The problem I have with this whole trilogy is that it seems that any half-arsed idea Green Day had for a song made it onto any one of the three albums. It basically leaves you with a collection of around 7 or so good songs split up onto three albums and separated by an enormous amount of filler material. These kinds of songs don’t amount to anything, and just makes me think, why are these on an album in the first place? Surely bands want to write the best songs that compliment each other, right? It just seems that Green Day thought they’d just do the easy thing, and not actually get down and try write some great material. I’ve said it before, that Green Day are perfectly capable of writing some great songs, and they have done so in the past. When people think of Green Day, there are some songs that come to mind as being some of their best, like ‘Holiday’, or ‘Boulevard of Broken Dreams.’ Even ‘Basket Case’ from Dookie is a great song by Green Day. But on these three albums, it just feels like none of the songs stand out to the calibre that some of their previous works have done. Sure enough, the music could be enjoyed by some people, but it isn’t great material. Even after listening to all three albums, I am finding it impossible to think of any songs from any of the three albums that stand out as great pieces of work. They’re all uninspired and lacklustre in my opinion. Just crashing chords and bass and not a lot else…

I have little more to say on this subject. My overall opinion of the trilogy of albums is that it’s not worth it. Sure enough, some fans must be overjoyed that they’re not getting one Green Day album, but three Green Day albums. But I know, I’d have much preferred one Green Day album with 10 or so really thought out songs, that have had a lot of effort thrown into them, rather than having three albums in moderately quick succession that just have whatever garbage the trio could come up with. It’s harsh, but it’s my opinion on the matter, and I can only hope that Green Day will get their arses in gear and write something they know they can be proud of.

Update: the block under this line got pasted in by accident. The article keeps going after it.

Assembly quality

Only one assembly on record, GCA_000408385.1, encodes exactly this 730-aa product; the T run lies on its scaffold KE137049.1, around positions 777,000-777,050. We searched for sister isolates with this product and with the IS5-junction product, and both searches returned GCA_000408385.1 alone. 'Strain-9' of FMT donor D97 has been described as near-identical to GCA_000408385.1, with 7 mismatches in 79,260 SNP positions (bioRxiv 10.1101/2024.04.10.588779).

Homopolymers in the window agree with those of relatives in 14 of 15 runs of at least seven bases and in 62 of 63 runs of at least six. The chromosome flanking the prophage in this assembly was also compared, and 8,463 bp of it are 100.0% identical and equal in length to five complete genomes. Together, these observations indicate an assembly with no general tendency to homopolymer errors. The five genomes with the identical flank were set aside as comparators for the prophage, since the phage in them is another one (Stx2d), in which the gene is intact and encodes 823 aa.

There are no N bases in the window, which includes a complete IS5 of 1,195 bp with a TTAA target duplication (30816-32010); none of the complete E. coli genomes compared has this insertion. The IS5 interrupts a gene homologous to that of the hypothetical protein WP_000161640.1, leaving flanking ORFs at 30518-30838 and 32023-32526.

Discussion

Album Rating:

  • ★★☆☆☆  2/5

Selected Songs:

  • Drama Queen
  • Walk Away
  • 99 Revolutions
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An Omen E.P. – How To Destroy Angels

The second release by Trent Reznor’s other band departs somewhat from the first release, which was a self-titled EP released back in 2010. Considering the inactivity of Reznor’s main band Nine Inch Nails, (and the effort he’d been putting into the various soundtracks he’s worked on), it was a surprise to see a release by Reznor. How To Destroy Angels, when they first began, was an interesting band, featuring Reznor’s long-time collaborators Atticus Ross and Rob Sheridan, and Reznor’s wife Mariqueen Maandig. The music was somewhat different from what we’re used to from Reznor, straying away from what could be described as Industrial Metal, and instead opting for a more Dark Ambient style.